Jazz pianist Keith Jarrett has recorded Bach before, on both piano and harpsichord. His interpretations are not jazz versions of Bach but are played straight. In this case you might say relatively straight, for Bach's sonatas for violin and keyboard, BWV 1014-1019, were written for a harpsichord and are generally played that way; somehow the ear is jarred more by the piano here than in Bach's solo keyboard music (which Jarrett has also recorded). Jarrett fans will find the evidence of his characteristic style not in rhythmic inflections toward jazz but in his way of sustaining notes, which is never excessive.
Within 24 hours of hearing the violinist Joseph Szigeti playing Bach, Ysaÿe had made sketches for his own six solo Violin Sonatas, which constitute his single most substantial and remarkable work, drawing together influences as diverse as Gregorian chant, Spanish and Walloon folk music, French impressionism and, of course, Bach himself. These are virtuoso showpieces, but, as Philippe Graffin demonstrates, there is much in them that is yielding and gentle, such as the stately Sarabandes fromthe Second and Fourth Sonatas (the latter is dedicated to Fritz Kreisler) and the radiant evocation of dawn in the Fifth Sonata. Graffin adroitly negotiates these technical and expressive demands, and if there is an occasional lapse in clarity, it is compensated for by a compelling vitality.
Having all of these works collected together is a real treasure. It is one of the most beautiful collections I've heard. 5 cd's of all of Bach's chamber music, exquisitely performed by the outstanding soloists of Musica Antiqua Koln. Reinhard Goebel's performance of the violin works is simply perfect. As I've said before, Bach's sonatas for violin and harpsichord have been in the shadows for too long, they deserve to be heard and this performance proves it. They are a delightful partnership between violin and harpsichord. The tempos are fairly brisk but the performance is so clearly articulated that the result is energetic and very rewarding.
Born in London, Ontario, Lara St. John was a child prodigy on the violin at the age of two, and went on her first European tour at the age of ten! At age thirteen she skipped from the eighth grade to a B.A. program at the Curtis Institute of Music. She plays a priceless 1779 Guadagnini violin. Her compelling personality and insightful performances have stimulated interest in classical music in a wide audience that seldom listened to it before. She scandalized some of the old school for appearing scantily clad on a couple of album covers, but she is completely authentic: a great violinist, whatever she is or is not wearing. As one critic wrote, she "has nothing to hide"–her musicality is first class. Lara St. John's brilliant musicianship, striking looks, and vivid personality have made her an authentic classical superstar. Recorded at Skywalker Sound in Super Audio and available in Hybrid.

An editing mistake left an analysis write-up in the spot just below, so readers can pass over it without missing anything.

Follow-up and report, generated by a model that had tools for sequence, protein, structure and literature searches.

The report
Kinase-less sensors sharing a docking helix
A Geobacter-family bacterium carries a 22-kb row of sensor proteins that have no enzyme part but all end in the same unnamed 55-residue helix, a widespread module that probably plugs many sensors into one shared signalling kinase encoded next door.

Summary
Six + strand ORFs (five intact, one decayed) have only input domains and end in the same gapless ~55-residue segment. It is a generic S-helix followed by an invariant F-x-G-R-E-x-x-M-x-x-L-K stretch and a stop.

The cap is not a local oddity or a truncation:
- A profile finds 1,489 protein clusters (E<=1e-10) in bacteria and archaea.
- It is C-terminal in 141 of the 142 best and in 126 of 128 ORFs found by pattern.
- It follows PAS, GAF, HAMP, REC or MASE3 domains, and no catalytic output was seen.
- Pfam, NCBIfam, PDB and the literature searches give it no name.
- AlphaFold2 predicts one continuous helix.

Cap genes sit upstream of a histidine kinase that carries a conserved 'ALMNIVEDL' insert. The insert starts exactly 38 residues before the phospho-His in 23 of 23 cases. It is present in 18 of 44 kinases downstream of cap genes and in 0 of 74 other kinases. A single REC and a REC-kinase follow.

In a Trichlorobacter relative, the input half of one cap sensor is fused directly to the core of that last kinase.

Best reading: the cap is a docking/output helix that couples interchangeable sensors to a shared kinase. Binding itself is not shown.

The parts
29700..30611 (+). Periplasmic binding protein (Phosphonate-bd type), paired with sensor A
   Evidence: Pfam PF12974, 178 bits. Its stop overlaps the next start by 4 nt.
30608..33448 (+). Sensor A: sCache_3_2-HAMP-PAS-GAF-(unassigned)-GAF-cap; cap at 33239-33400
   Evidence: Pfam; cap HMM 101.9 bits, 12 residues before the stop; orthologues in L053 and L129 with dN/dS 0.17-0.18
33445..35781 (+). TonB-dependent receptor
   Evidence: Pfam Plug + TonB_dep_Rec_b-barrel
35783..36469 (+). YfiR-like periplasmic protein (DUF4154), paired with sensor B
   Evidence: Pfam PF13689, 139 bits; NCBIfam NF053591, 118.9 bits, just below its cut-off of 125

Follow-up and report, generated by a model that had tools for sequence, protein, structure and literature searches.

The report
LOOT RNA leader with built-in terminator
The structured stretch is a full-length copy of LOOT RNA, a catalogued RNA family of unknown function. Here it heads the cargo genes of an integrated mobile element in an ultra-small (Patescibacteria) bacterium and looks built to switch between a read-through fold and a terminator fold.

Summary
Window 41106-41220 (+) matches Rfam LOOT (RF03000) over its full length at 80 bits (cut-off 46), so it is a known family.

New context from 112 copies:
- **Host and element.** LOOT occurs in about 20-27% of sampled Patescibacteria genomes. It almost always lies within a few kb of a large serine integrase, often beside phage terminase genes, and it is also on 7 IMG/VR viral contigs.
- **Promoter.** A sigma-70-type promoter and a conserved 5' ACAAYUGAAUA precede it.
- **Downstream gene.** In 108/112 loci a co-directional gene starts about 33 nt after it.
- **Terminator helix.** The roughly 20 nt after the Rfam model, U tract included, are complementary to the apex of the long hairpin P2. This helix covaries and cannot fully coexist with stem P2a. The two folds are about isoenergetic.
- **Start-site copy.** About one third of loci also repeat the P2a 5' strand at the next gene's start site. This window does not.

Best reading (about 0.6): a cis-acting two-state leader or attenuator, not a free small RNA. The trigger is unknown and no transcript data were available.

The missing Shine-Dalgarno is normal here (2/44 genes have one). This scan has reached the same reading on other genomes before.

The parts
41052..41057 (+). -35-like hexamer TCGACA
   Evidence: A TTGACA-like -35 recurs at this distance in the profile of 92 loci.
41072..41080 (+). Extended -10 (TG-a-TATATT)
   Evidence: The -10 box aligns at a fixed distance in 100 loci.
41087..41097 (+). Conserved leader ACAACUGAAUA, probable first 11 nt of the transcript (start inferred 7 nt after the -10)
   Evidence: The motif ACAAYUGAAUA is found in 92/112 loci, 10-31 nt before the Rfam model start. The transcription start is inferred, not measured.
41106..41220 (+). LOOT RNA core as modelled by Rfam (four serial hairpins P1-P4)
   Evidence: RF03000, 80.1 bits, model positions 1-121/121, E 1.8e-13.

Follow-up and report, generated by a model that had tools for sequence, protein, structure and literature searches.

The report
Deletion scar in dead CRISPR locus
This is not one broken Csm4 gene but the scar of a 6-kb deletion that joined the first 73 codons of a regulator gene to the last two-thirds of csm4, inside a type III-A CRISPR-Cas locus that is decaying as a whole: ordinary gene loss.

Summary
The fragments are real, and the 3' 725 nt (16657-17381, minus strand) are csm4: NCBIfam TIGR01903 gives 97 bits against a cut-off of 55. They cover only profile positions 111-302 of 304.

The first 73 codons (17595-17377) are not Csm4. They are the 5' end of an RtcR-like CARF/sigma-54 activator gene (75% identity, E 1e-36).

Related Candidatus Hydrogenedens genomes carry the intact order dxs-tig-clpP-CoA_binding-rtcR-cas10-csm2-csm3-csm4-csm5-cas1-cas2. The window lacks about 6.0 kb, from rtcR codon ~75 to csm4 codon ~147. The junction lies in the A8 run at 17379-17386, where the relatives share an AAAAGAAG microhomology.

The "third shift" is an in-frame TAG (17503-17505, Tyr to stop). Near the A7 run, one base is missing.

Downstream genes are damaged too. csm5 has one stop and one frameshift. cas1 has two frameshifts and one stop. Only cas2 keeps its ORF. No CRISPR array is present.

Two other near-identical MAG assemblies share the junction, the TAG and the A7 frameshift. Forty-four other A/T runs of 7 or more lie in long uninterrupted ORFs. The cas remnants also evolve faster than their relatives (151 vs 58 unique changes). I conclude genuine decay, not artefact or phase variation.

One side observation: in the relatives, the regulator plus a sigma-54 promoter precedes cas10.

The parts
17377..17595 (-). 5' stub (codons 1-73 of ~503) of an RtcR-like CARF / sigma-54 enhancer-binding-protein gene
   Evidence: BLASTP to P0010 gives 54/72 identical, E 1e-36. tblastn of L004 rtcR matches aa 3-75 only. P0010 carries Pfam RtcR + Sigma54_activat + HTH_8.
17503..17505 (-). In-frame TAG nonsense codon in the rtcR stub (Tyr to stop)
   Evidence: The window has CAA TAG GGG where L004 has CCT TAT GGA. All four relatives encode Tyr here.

Andrew Manze has been called "the Grappelli of the Baroque violin" because of the improvisatory liveliness of his approach; however, he can just as easily change personalities. Sometimes he pads along with sinewy grace like a panther ready to spring (the Preludio to BWV 1023, for example), sometimes he goes for a much more relaxed cantabile line, and sometimes he plays with a sparkling and infectious sense of fun (Presto, BWV 1021).
Rossini himself described these works as «six dreadful sonatas, composed by me on holiday at the home (near Ravenna) of my Maecenas friend Agostino Triossi when I was at a most infantile age, not even having taken a lesson in accompaniment.» Written at the age of twelve, as if only for the pleasure of it, in only three days with an ease reminiscent of Mozart, these compositions exude an entrancing, naive freshness.